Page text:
As her television career began to accelerate, Lopez dropped everything to appear in a small independent film starring Edward James Olmos called Mi Familia. The movie’s director, Gregory Nava, was shocked at the time by Lopez’ confidence that her future lay on the big screen. "That was extraordinary to me," he said recently, "because too often in my community we say, ‘We’re second-class citizens — what’s the point?’ But here was a Latina saying, ‘I want it, and I’m going to get it.’"

The critical success of Mi Familia pushed Jennifer Lopez’ career to another level. She soon starred in Money Train with Wesley Snipes and Woody Harrelson. Then she was cast in the much-sought-after title role in Selena, a 1997 biographical film about the slain tejano singer from Mexico. For Selena she received $1 million, at that time the highest ever paid to a Latina actress.

Lopez’ career continued to take off, with starring roles in the surprise hit Anaconda, Oliver Stone’s U-Turn, and, in 1998, Out of Sight. Although this last movie faltered at the box office, Lopez’ performance and her chemistry with co-star George Clooney brought her considerable attention in a film critics called among the best of the year.

Once again, however, just as she was hitting her stride, Lopez sent her career in a new direction, taking a hiatus from acting to record an album of Latin and R&B flavored pop music. One of the general rules of Hollywood is to make the most of success as long as it lasts, and her switch to the recording industry was considered by some to mean the end of her emerging movie star status.

The album was released in the summer of 1999. Called On the Six, after the subway train Lopez used to ride from the Bronx to Manhattan for dance classes, it was an instant success. She vaulted to yet another level of stardom, becoming a major sex symbol, thanks in large part to several sultry music videos in support of the album.

On the strength of the album’s performance, Lopez resumed her film career this year as a certified leading lady. She is currently starring in the visually stunning psychological thriller The Cell, and she has two other movies coming soon, the romantic comedy The Wedding Planner and the drama Angel Eyes. In fact, making On the Six was such a successful gamble that Lopez plans to take another break around Christmas to go back into the recording studio.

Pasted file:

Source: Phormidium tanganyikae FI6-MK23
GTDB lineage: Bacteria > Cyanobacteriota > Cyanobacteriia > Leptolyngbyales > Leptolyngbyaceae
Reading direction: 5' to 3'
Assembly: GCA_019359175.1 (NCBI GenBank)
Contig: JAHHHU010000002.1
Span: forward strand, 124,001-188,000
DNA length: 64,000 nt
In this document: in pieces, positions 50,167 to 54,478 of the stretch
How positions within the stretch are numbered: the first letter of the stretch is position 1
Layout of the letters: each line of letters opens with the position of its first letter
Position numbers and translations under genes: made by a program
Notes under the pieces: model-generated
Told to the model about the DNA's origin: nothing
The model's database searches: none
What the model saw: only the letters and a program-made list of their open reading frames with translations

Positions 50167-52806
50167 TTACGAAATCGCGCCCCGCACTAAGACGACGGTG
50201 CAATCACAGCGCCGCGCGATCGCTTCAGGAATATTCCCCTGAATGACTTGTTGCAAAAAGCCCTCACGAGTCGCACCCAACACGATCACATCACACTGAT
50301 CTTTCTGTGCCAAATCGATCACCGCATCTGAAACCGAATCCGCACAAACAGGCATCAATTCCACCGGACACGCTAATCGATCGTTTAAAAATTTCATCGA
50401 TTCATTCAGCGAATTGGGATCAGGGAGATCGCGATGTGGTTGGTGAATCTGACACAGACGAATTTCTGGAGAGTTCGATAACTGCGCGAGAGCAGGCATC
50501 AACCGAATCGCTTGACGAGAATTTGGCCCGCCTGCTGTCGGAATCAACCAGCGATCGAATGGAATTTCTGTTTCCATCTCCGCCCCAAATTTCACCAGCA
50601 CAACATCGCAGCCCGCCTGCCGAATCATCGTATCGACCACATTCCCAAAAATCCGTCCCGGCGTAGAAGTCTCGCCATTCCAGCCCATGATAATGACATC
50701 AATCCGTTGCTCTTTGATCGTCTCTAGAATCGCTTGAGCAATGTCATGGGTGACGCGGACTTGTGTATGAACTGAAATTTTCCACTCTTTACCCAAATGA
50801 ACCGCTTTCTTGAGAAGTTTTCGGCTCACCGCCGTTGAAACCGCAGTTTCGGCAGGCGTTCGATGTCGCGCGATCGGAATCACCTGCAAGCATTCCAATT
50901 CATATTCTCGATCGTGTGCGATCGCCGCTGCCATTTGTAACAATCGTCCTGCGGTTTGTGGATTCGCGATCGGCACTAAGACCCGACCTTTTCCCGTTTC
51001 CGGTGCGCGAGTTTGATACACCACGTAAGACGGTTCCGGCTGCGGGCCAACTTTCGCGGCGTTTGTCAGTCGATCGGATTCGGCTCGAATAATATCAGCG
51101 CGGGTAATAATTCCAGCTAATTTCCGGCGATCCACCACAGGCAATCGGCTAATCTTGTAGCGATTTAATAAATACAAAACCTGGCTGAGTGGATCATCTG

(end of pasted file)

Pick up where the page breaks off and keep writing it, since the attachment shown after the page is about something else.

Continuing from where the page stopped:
Yet of all the risks that Jennifer Lopez has taken in her career, none have been quite as public or as successful as her choice of "clothing" for this year’s Grammy Awards. She arrived at the event wearing an incredibly low-cut, diaphanous Versace dress that sent shockwaves through the audience and instantly elevated Lopez to the pantheon of American beauty.

On the surface, Lopez’ decision to wear that dress might appear to be a crude stunt to exploit her sex appeal. However, Jennifer Lopez, an actress who never does nude scenes and has never posed in Playboy or its like, is smarter than that.

One way to view "the dress" is in the broader context of what Lopez has done to exorcise the Hollywood stereotype of Puerto Rican women - and indeed all Hispanic women - as barefoot, poor, and uncivilized. Rita Moreno complained for years about being consigned to degrading roles in torn, dirty costumes. Now Jennifer Lopez - not just at the Grammy Awards but throughout her entire career - has forced the issue by demonstrating that Latinas can be beautiful, glamorous, and enormously successful with no apologies and without compromising their heritage.

Self-Determination Legislation | Puerto Rico Herald Home
Newsstand | Puerto Rico | U.S. Government | Archives
Search | Mailing List | Contact Us | Feedback